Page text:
Friday, April 17, 2009
BOB GARFIELD: Information passed by word of mouth, studies show, is more trusted even than info from official sources and vastly more than commercial advertising. And with the advent of social media tools that exponentially increase word of mouth’s reach, no wonder that marketers have jumped in to exploit its power. Some have done so openly, others by stealth, for instance, by compensating bloggers and Twitterers for hyping brands online. Now the Federal Trade Commission is stepping in to ensure that the shout-out for an acne cleanser from a Facebook friend isn't an ad in disguise. My old pal Andy Sernovitz is author of Word of Mouth Marketing, and he joins me. Hey, Andy, welcome to OTM.
ANDY SERNOVITZ: Hey, Bob, thanks for having me.
BOB GARFIELD: Before we get to the FTC, tell me the various ways marketers try to fake word of mouth.
ANDY SERNOVITZ: There’s two big ways that people try to sneak past you: either they lie about who they are, so you think you’re reading an honest comment on a blog and it’s actually a marketer in disguise with 20 different logins, or they're paying other people to recommend something on their blogs or email or Facebook and not telling you that those people have been paid. You usually see it most from either sort of low-end, sleazy, like, health remedies and get-rich-quick schemes and that end, or you see it from entertainment companies, from folks who are out there to hype a song or a movie.
BOB GARFIELD: Some of this is called pay-per-post, right – bloggers getting X number of cents for every time they post a favorable appraisal of a new song or something?
ANDY SERNOVITZ: Yeah, you see a couple of big operations. One company’s actually called PayPerPost, and it pays you to write blog posts about stuff. There’s a new one called Magpie that pays you to send stuff out over your Twitter account under your name. And where it gets more interesting is the way things get repeated in social media. And this is what concerns me more, is that a company might pay through this pay-per-post service to get 200 people to blog something about them. And it says this was a paid placement in the blog post, so technically that’s okay. They did say it was paid for. But then those blog posts get repeated on their Facebook page and then on Twitter, and then someone else copies it, and suddenly 10 times more posts have the exact same paid review. Well, we've lost the disclosure that made it honest. I mean, really, the big idea here is this word “disclosure.” And what it says is, it’s okay to pay for coverage. That’s called advertising. But you have to say, and now a word from our sponsors.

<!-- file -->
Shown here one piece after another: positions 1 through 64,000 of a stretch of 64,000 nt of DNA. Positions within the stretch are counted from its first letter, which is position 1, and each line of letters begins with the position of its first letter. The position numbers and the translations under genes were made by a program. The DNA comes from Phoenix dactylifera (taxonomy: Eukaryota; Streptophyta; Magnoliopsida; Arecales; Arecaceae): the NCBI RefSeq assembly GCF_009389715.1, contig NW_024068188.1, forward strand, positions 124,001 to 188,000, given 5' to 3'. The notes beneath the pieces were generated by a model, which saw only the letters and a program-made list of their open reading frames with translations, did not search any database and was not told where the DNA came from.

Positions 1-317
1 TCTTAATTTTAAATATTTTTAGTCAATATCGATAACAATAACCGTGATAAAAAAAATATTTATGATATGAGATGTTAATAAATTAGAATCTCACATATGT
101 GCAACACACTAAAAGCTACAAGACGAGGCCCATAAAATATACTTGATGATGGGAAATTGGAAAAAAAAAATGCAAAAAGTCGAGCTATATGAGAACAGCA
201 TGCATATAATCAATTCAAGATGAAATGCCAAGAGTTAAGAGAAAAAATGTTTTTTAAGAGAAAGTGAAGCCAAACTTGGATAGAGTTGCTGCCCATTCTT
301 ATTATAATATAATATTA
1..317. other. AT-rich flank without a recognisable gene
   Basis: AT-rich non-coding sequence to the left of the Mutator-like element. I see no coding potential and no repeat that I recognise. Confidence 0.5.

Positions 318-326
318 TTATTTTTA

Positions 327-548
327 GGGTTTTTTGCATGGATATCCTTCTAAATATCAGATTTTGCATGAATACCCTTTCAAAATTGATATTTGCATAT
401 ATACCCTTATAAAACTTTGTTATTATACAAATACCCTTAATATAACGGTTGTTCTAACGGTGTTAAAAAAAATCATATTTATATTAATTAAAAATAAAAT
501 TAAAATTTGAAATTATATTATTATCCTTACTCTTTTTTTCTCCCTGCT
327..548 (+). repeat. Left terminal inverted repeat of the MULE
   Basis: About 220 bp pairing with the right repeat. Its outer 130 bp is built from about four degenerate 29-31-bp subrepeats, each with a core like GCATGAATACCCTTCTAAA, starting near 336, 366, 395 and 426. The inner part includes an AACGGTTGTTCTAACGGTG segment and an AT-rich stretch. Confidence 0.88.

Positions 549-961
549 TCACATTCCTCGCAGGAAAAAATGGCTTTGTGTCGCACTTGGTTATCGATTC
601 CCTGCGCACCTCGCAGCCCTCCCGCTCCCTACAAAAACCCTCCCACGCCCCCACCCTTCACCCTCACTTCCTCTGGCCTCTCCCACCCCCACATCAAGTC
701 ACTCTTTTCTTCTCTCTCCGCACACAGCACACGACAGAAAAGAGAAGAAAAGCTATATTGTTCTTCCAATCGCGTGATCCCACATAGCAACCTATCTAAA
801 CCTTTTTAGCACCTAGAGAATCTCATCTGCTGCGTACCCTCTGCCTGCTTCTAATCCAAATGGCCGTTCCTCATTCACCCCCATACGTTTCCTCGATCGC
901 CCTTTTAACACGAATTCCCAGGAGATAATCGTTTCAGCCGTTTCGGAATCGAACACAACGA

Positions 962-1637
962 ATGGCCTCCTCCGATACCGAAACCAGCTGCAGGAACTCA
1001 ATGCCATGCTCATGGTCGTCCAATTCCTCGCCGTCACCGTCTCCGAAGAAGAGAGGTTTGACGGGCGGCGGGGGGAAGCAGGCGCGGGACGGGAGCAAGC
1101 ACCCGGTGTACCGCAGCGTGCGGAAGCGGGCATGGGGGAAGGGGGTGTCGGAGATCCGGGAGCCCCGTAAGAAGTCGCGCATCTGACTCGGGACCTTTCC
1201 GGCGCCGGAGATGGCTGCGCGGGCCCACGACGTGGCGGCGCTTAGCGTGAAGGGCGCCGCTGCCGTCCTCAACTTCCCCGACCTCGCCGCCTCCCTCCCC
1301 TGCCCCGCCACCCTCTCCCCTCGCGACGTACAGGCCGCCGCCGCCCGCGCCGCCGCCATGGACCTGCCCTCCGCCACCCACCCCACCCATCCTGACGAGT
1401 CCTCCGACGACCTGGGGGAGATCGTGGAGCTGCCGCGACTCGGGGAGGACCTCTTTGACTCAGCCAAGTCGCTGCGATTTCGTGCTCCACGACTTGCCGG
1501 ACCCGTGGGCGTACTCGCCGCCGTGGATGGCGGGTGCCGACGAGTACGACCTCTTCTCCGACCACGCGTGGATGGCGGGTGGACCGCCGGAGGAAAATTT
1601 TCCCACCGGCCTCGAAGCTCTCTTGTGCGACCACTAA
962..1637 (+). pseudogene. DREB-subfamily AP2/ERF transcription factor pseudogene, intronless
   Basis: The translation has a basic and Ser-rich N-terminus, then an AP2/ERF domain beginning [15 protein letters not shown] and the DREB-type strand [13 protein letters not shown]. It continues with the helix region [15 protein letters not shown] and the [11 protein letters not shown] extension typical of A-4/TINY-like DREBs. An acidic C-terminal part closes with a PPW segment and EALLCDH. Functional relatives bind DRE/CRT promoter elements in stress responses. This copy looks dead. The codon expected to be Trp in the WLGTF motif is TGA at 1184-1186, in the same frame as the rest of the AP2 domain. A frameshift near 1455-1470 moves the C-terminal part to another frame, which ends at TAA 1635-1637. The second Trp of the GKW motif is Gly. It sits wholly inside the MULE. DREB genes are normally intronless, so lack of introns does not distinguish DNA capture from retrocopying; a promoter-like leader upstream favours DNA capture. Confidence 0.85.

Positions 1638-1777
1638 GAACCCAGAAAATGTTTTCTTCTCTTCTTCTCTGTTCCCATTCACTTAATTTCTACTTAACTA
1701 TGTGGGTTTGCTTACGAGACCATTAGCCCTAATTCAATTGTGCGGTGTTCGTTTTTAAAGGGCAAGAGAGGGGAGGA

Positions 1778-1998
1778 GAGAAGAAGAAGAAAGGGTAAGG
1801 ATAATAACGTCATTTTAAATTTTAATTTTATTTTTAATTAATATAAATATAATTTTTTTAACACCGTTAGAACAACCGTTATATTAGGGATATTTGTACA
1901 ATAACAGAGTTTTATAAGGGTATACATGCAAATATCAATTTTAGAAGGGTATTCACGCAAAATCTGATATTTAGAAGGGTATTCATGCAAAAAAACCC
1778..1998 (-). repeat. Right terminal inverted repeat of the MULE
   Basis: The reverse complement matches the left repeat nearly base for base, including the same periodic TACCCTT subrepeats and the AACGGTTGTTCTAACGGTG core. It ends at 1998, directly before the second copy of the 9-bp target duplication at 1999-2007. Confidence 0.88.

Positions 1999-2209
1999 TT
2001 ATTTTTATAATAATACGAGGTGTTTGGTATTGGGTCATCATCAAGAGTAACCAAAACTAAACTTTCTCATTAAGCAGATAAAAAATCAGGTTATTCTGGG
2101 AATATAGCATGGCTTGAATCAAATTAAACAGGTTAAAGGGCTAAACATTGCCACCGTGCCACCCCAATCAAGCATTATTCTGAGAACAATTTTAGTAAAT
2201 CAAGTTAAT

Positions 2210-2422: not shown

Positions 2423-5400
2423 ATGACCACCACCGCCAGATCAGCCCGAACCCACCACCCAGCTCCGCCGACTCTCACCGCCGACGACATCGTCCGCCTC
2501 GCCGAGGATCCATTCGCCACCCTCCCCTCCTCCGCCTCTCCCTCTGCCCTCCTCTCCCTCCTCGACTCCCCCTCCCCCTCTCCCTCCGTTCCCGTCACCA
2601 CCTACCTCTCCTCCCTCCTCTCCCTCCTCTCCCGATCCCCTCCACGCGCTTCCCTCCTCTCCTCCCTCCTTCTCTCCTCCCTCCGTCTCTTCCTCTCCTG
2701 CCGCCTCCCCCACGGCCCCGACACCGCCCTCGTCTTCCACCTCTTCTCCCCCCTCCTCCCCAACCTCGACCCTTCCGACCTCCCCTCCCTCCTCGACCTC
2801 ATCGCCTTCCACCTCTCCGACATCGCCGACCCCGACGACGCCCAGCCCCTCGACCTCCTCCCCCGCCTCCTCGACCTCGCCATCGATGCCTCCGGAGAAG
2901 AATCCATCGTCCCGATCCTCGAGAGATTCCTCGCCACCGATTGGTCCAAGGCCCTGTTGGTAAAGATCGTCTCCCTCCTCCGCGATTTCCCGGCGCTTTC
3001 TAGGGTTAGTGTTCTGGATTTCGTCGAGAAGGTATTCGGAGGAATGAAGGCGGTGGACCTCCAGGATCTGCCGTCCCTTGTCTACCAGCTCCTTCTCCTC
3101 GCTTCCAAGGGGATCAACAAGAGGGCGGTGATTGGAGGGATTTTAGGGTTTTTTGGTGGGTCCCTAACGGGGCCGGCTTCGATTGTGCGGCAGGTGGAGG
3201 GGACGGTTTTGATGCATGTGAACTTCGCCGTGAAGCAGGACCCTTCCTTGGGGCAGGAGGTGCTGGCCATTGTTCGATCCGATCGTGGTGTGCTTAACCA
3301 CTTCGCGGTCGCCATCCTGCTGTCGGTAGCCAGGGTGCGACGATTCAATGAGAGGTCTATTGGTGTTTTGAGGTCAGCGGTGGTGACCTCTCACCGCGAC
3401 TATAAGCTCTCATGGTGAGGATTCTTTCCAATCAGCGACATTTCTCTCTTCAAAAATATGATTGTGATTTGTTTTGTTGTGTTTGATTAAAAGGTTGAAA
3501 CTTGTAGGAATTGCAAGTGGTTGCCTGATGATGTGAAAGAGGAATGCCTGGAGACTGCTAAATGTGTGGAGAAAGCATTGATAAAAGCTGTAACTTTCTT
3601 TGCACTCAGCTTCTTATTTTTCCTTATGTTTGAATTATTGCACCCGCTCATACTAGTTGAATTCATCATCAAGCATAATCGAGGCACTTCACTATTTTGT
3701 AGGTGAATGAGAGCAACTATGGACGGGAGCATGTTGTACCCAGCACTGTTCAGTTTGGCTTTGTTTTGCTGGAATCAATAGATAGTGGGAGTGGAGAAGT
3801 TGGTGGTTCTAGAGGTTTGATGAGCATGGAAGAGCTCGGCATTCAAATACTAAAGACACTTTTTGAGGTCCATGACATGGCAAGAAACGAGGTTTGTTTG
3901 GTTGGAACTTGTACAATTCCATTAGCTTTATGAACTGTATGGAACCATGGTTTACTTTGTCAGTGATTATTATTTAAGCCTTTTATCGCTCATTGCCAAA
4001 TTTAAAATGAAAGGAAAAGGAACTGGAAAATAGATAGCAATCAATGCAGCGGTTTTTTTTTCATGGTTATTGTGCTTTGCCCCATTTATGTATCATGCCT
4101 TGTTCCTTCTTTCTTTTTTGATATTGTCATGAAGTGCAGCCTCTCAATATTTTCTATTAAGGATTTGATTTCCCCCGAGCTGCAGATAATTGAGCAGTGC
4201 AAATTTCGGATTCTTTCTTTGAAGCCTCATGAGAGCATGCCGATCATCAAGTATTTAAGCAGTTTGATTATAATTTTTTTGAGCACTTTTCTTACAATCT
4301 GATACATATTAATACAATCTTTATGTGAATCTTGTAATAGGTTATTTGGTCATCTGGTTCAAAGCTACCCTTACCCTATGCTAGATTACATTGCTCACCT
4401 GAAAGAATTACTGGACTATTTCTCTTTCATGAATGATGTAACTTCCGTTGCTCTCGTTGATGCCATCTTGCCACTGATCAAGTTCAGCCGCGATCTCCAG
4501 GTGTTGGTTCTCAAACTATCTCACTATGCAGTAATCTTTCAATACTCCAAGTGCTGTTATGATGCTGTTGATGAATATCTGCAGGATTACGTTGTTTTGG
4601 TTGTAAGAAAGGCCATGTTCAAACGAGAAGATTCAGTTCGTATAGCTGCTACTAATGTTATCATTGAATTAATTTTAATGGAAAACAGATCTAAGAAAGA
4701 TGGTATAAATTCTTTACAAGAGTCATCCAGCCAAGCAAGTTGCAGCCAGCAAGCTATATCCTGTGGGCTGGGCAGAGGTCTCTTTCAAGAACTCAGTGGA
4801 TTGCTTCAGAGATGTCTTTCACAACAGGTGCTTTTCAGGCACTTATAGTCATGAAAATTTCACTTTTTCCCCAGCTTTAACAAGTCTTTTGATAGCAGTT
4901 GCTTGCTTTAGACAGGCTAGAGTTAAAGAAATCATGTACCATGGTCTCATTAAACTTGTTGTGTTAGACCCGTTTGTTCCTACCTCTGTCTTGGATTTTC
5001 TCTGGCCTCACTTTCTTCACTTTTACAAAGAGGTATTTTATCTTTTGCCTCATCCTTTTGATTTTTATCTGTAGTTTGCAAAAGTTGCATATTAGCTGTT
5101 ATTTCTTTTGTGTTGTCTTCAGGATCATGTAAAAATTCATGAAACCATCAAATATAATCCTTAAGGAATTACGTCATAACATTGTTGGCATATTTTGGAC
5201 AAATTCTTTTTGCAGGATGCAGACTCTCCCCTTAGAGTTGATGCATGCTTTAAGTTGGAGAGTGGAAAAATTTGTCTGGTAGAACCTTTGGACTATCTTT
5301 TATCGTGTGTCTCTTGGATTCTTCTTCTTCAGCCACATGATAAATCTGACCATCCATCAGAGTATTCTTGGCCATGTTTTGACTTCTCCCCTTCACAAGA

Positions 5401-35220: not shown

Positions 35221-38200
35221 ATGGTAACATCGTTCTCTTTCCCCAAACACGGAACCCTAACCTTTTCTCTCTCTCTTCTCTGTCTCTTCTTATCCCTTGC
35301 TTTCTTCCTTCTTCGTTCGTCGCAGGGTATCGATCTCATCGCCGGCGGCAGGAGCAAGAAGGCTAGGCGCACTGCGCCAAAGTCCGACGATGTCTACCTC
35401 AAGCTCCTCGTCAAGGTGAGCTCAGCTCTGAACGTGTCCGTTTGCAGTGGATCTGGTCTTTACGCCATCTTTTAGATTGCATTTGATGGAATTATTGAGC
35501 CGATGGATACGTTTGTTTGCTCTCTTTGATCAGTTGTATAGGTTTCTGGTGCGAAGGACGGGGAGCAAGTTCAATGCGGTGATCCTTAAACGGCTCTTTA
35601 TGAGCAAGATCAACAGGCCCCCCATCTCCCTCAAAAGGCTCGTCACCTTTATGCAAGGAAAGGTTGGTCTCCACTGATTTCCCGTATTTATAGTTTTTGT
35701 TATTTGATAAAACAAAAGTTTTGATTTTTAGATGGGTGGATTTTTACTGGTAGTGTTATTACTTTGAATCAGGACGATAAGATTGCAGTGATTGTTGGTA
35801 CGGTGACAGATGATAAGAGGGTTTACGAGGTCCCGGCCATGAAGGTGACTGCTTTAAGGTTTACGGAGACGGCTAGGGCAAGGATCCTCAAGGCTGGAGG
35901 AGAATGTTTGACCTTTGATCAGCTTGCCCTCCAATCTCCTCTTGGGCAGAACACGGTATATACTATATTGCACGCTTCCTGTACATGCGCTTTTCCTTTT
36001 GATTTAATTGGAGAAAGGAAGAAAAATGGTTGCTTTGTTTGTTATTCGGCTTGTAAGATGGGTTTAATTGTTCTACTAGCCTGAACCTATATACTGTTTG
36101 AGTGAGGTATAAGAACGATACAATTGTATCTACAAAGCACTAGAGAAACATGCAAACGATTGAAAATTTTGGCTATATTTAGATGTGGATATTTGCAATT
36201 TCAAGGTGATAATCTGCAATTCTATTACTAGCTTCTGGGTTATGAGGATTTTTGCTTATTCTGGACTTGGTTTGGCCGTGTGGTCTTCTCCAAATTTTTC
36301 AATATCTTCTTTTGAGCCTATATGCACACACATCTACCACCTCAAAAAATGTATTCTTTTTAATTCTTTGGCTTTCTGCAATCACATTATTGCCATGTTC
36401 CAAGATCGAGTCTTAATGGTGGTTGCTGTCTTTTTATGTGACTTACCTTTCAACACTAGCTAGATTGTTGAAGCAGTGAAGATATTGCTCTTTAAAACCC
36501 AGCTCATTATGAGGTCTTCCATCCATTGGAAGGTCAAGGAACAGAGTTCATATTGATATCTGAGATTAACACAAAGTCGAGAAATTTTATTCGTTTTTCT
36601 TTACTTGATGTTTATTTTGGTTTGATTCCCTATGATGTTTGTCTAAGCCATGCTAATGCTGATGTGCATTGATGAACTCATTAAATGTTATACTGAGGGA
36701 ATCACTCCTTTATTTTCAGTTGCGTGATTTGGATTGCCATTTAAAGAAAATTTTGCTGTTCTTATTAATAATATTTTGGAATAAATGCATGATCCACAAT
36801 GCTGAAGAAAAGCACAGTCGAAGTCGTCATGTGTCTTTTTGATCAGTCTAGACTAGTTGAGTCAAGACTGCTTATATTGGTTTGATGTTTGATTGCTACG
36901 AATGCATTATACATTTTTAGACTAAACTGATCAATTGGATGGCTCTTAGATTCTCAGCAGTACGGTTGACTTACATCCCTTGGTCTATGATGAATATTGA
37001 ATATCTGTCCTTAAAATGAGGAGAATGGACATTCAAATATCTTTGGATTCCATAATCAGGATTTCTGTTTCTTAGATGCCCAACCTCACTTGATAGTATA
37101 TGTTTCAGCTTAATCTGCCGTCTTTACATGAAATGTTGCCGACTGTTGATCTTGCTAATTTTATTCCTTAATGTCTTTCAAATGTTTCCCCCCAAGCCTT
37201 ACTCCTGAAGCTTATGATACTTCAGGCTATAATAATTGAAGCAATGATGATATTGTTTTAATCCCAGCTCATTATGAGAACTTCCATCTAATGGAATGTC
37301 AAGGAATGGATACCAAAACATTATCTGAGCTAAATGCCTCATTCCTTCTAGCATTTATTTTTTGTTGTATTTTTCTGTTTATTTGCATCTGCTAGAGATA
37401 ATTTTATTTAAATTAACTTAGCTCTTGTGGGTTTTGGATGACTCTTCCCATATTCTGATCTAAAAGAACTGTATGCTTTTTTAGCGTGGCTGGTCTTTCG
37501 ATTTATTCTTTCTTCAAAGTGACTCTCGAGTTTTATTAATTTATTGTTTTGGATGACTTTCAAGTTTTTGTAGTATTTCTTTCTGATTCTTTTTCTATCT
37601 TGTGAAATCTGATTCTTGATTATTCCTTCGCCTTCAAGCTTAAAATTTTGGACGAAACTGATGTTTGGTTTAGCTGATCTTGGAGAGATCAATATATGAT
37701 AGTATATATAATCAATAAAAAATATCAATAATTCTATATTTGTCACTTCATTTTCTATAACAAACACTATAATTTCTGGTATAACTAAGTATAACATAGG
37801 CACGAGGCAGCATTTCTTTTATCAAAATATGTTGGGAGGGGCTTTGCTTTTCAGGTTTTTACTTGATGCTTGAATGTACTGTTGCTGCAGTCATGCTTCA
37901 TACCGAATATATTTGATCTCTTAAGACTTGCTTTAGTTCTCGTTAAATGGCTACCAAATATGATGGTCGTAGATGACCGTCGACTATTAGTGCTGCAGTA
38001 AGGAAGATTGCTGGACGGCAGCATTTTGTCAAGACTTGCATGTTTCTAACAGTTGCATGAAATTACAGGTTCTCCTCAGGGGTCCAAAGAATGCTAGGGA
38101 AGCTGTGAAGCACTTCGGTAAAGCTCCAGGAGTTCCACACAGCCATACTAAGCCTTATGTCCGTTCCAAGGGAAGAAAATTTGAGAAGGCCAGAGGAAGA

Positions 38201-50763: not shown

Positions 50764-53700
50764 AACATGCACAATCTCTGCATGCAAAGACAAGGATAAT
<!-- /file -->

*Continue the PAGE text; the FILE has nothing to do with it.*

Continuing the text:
BOB GARFIELD: Which is where the FTC comes in. Tell me about its new rules.
ANDY SERNOVITZ: Well, what's interesting is they're clarifying old rules. It has always been illegal to advertise something and not tell people you were paid for it. So there’s nothing really new here. They're clarifying it and they're making it stronger. So the FTC is openly saying, if you’re taking money to advertise something, you have to tell people you were paid for it. They are making it clear that that now applies to social media and blogs and Twitter, and they're also making it clear that it’s not just the company who’s responsible but the bloggers are responsible. If they're getting paid, they're no longer independent people with free speech rights; they are media who are taking advertising, and they better reveal that they're being paid for the advertising.
BOB GARFIELD: So let's talk about Twitter, for a moment. Does anyone pay attention to a tweet that is clearly, really an ad?
ANDY SERNOVITZ: We're about to find out. If the first three letters were “A-D-:” as in “ad” and you could write on the side of your Twitter page, you know, I take advertising, look for the words “A-D-:” and that if that’s good enough, or the followers of a particular Twitterer - the Huffington Post might decide to have every other tweet be an ad, and you may say it’s worth it because they've got good content. But if Joe Schmo starts putting everything out as an ad, you may say, I don't care what this guy has to say and I don't want to get advertising. And that’s what we're going to have to figure out as we get used to this new media.
BOB GARFIELD: Andy, thank you.
ANDY SERNOVITZ: Thank you.
BOB GARFIELD: Andy Sernovitz is author of Word of Mouth Marketing. He runs the Blog Council, a group for heads of social media at big companies, which, word has it is, like, the totally best blog council anywhere.
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